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One Nice, Refreshing Salad That Happens to Be a Potato Salad

June 26, 2002|FAYE LEVY | SPECIAL TO THE TIMES

Rather than make heavy potato salads laden with mayo, Mediterranean cooks like their potato salads to be refreshing. A friend introduced me to an Italian rendition of fingerling potatoes flavored only with extra-virgin olive oil, Italian parsley, salt and pepper.

Many cooks will add lemon juice, garlic and onions--red, white or green--and throw in herbs by the handful. Greeks find oregano a good potato partner, while Lebanese and Egyptian cooks like mint.

When making potato salad, remember three potato precepts: Cook potatoes carefully, season while warm (so they absorb flavors most readily), and handle gently once cooked. Simmer or steam the spuds in their skins to keep in more flavor.

Besides baby potatoes, you can also get good results with larger white- or red-skinned boiling potatoes or the yellow-fleshed Yukon Gold variety. Avoid russets or baking potatoes, as they tend to fall apart.

If you peel the potatoes, do it quickly so they won't get cold. Then moisten them with a portion of the dressing. If you want to embellish them, add pungent olives, capers, chopped anchovies or dill pickles to give the potatoes punch. Lightly cooked green beans, grilled red peppers or diced tomatoes impart a colorful, summery accent. Fold in the remaining dressing and any extra ingredients gently; don't mash the potatoes.

Potato salad does not benefit from prolonged chilling because cold dressing can congeal and make the potatoes seem dry. A mayonnaise-free Mediterranean dressing allows you to serve the salad at room temperature.

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Eastern Mediterranean Potato Salad

Active Work Time: 20 minutes * Total Preparation Time: 1 hour, 10 minutes * Vegetarian

Most herbs match well with potatoes. Try tarragon, chives, cilantro or basil. Vary the dressing with garlic oil or herb-scented oil instead of plain oil and with tarragon or balsamic vinegar instead of lemon juice. Use the proportions of oil and lemon juice/vinegar to your taste. Many people in the Middle East go for equal amounts, while Provencal chefs often opt for three times as much oil as vinegar.

If your family insists on mayonnaise, marinate the potatoes in a simple French fashion with dry white wine, salt and pepper. Toss the cooled potatoes with the parsley, olives, capers and 3/4 to 1 1/4 cups mayonnaise, either regular or low-fat.

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2 pounds boiling potatoes, scrubbed but not peeled

Salt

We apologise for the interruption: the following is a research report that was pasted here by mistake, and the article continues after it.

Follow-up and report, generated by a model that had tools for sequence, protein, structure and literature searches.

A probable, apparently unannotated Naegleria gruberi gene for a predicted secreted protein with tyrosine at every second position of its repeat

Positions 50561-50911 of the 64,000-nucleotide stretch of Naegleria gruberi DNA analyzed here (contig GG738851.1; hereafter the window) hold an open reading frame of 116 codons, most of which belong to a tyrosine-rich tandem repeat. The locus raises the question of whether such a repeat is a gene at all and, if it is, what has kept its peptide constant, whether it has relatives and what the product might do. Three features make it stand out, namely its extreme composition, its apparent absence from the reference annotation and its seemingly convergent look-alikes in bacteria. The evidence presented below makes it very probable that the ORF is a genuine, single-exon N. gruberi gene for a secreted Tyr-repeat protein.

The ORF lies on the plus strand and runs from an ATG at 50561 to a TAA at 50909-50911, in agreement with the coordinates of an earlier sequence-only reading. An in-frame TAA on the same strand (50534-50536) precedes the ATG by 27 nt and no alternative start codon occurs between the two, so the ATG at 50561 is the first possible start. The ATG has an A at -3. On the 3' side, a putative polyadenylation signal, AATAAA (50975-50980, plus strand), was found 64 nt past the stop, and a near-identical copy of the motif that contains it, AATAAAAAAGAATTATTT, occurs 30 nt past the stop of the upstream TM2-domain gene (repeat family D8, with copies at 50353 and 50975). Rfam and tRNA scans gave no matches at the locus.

2 to 3 tablespoons strained lemon juice

Freshly ground pepper

Cayenne pepper, optional

3 to 5 tablespoons extra-virgin olive oil

1/3 cup finely chopped red onion or sweet onion, such as Vidalia

4 plum tomatoes, optional

1/3 cup chopped Italian parsley

2 teaspoons capers, drained, optional

1/2 cup flavorful olives, such as Kalamata, pitted and cut in half, optional

Cut any large potatoes in half to speed up the cooking. Place the potatoes in a large saucepan, cover them with water by about 1/2 inch and add salt to taste. Bring to a boil. Cover and simmer over medium-low heat until a knife can pierce the center of the largest potato easily and the potato falls from the knife when lifted, about 25 minutes.

Meanwhile prepare the dressing. Whisk 2 tablespoons of lemon juice with a pinch of salt, pepper and cayenne pepper to taste in a small bowl. Add 3 tablespoons of olive oil and whisk again.

Drain the potatoes in a colander, rinse them briefly and leave just until cool enough to handle. Peel them if you like, and cut them in 1-inch dice.

Place them in a large bowl and add the onion, 3 tablespoons of dressing and a sprinkling of salt and pepper. With a rubber spatula, fold together gently but thoroughly. Let the potatoes cool to room temperature.

Dice the tomatoes (to add them to the salad), or cut them in thick wedges to use as garnish. Whisk the remaining dressing, pour it over the potatoes and fold it in. Add the parsley, capers, half the olives and the diced tomatoes to the potatoes and fold together lightly. Taste, adjust seasoning, and add more lemon juice and olive oil if needed. Garnish with the remaining olives and with the tomatoes, if you've cut them in wedges. Serve at room temperature.

6 servings. Each serving: 161 calories; 153 mg sodium; 0 cholesterol; 8 grams fat; 1 gram saturated fat; 21 grams carbohydrates; 2 grams protein; 2.36 grams fiber.

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Faye Levy is the author of "1,000 Jewish Recipes" (Wiley, 2000).

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